Sounds like we are getting closer to the creation of Humanistic Spirituality, yes?
Yes! However, most of these approaches seemed to minimize the importance of appreciating our humanness. If afraid, we were encouraged to have faith or understanding. If we had doubt, we were encouraged to surrender to a higher power.
In theory, these approaches acknowledged the importance of the human experience, but in a limited way. They espoused that once you had “developed, evolved, and found faith,” you had arrived at peace, lightness, equanimity, understanding and compassion.
I was concerned that most teachers didn’t give rich personal examples of the challenges they faced in their own lives. After all, I thought, we are all human beings, even if we walk a path of faith. Why don’t these religious and spiritual teachers expose their humanness by showing us how they fail and how they integrate their healing practices into daily life?
Instead, so many have unwittingly taught their students or followers to idealize the teacher and suppress their suffering.
Thankfully, there have been exceptions. A standout example is Pema Chodron, a highly respected Buddhist nun and teacher, who is clear in valuing the human experience by exposing her own humanness in her talks. At the same time, she teaches the values of heart, compassion, silence, and meditation.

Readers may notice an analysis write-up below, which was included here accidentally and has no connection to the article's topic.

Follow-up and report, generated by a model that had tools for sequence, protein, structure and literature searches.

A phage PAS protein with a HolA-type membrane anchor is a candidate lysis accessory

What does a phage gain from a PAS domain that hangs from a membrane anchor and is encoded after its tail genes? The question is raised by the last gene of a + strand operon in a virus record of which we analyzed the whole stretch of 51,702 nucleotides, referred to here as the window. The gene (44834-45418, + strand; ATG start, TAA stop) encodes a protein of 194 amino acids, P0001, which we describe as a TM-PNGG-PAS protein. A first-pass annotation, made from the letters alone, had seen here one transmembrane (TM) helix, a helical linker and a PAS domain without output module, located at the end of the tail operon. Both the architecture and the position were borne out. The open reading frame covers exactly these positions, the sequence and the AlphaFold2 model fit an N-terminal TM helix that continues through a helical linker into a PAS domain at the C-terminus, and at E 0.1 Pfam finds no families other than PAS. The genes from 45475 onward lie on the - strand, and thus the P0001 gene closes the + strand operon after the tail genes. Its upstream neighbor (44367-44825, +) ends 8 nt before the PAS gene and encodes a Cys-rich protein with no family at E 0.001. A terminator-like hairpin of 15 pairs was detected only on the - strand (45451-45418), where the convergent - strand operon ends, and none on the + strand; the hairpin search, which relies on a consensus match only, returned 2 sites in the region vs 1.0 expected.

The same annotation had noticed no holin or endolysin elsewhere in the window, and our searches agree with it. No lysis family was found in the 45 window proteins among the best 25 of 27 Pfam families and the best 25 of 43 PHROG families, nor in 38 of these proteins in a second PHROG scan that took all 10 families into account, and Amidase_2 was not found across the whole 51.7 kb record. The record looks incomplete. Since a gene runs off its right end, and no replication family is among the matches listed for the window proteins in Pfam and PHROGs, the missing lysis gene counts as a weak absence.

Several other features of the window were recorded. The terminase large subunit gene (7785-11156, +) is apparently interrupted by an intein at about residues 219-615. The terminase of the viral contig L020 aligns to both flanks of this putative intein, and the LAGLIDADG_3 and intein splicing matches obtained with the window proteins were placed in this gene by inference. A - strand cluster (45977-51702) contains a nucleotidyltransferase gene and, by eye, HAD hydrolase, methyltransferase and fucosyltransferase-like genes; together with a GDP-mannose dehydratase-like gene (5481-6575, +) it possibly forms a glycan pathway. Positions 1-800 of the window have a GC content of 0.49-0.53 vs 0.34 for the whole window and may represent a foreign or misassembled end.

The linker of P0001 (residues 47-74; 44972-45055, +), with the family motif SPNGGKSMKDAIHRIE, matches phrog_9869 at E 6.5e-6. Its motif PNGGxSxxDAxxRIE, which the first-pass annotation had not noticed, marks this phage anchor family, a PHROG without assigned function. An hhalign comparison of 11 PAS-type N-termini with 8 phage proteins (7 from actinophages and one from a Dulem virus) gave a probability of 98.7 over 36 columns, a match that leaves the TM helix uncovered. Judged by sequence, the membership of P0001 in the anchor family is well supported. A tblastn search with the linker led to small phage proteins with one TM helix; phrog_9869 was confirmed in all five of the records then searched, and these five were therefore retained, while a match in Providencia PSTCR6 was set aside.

When we are not concerned with bridging the human and the divine, we may tend to focus solely on the ego and our feelings, or put all of our attention on our soul and spirit.
Either way, we are leaving out the other crucial part of ourselves. I understood this inherently as I attempted to help my clients balance whichever tendency was dominant. I would ask someone who was suffering, “How can you take care of yourself?” This would release their fixation on their feelings.
They would choose a method that they felt would best support them. For example, if they had embraced meditation, they might meditate, pray or do some other contemplative practice. If they lived in a more mainstream world, they might choose a more practical approach. In both cases, they were shifting the focus from suffering to asking for relief.
Consistent with movement towards balance, as I saw clients or friends that were spiritual teachers, ministers, and devoted practitioners of certain approaches, I would typically ask them about their greatest challenges and difficult feelings that they were still dealing with.
My instinctive desire to find balance led me to develop an approach I call “Bridging the Human and the Divine” or “Holding of Opposites.” This involves holding our personal, human feelings, just as they are, while we also dedicate ourselves to a chosen practice to support our spirit.
As the Beatles sang, “Whisper words of wisdom—Let It Be.” If we judge ourselves, we are encouraged to be in touch with another side of ourselves that is aware of it and leaves it alone. If we are sad, we do not interfere.
We stay content to simply see things as they are, as we hold two states at the same time.
In closing, can you provide us with a common example of holding these two states at the same time?
Sure, a common example may be: I’m angry with my lover. And, I want to open my heart, not act out, and also discover my needs, which is a prayer and contemplation practice.
Which also happens to be the topic of our most recent blog, “Prayer for Love Relationships“.
Thank you, dear Robert, for you and for your generous heart. I greatly appreciate you sharing your spiritual journey here with us, which helps to give us more of an understanding of Humanistic Spirituality’s roots.